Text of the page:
November 28, 2019
by Tzvi Schnee
In psychology, the word resiliency has taken on an integral meaning, in regard to a positive quality that allows for the individual to successfully navigate the circumstances in life that would otherwise prove too stressful to bear. It is probably too technical of a word, in that respect, to use in regard to having a challenging time waking up in the morning. Every so often, my motivation is deficient for the task of waking up early to start my day with eager anticipation of what G-d has in store for me on that particular day.
This morning, I needed to wake someone else up – an indigent person who decided to get an extra hour’s shut-eye in the small corridor where my apartment, as well as my neighbor’s apartment is located; inasmuch that I knew this person, because he occasionally knocks on my door for assistance, it was not like I had to rudely awaken a total stranger. However, I waited until my neighbor opened his door, necessitating the urgency to wake up the sleeping person, because my neighbor has a physical handicap, often requiring the use of a wheel chair; so, the corridor needed to be cleared. Meanwhile, before this occured, I prepared a small breakfast of tea, banana, and hot rice cereal for B. Then, when all of this transpired, I sent him on his way.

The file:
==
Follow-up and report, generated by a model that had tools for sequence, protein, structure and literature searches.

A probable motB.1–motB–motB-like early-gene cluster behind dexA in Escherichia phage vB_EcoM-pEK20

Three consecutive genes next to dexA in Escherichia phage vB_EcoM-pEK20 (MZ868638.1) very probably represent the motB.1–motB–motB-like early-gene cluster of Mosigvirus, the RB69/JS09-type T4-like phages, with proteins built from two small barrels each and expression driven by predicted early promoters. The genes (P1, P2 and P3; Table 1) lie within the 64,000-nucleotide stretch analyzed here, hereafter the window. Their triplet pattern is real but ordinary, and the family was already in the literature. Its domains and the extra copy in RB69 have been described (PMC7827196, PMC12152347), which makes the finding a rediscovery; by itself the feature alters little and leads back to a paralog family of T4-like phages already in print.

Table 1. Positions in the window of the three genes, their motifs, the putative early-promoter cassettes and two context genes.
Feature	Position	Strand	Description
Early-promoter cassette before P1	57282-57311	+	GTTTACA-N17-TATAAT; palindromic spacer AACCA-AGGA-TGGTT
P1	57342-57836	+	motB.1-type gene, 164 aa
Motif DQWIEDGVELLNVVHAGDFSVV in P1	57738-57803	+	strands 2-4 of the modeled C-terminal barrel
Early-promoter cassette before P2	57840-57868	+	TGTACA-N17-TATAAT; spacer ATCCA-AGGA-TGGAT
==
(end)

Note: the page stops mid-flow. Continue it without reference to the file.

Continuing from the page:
It was a precarious situation that could have gone sour. Yet, thanks to Heaven above, everything worked out o.k. In any case, I realized that I was obligated to thank G-d for giving me the opportunity to help out a homeless person on Thanksgiving. I didn’t even half to go anywhere. The mitzvah (opportunity for a good deed) literally landed at my doorstep, and it prevailed upon me to provide in a dignified manner for the recipient, myself, and my neighbor. The recipient, because I didn’t send him away empty; myself, inasmuch that I was stern, yet, kind. And, for my neighbor, because I acted immediately, with a raised, yet, controlled tone of voice, making sure to wake up B. for the sake of my neighbor.
Yet, I do not mention any of this for applause; only to demonstrate the teaching that there are certain mitzvot (good deeds) that are individually designed for a specific person to enact when given the opportunity. There may be only a moment’s notice, when about to pass by someone who asks for help on the street; rather than thinking that someone else may help out, it is better to show eagerness to fulfill the mitzvah. The reward that you will receive may even be the opportunity to do another mitzvah, somewhere down the road; and, eventually, G-d will reward your kindness.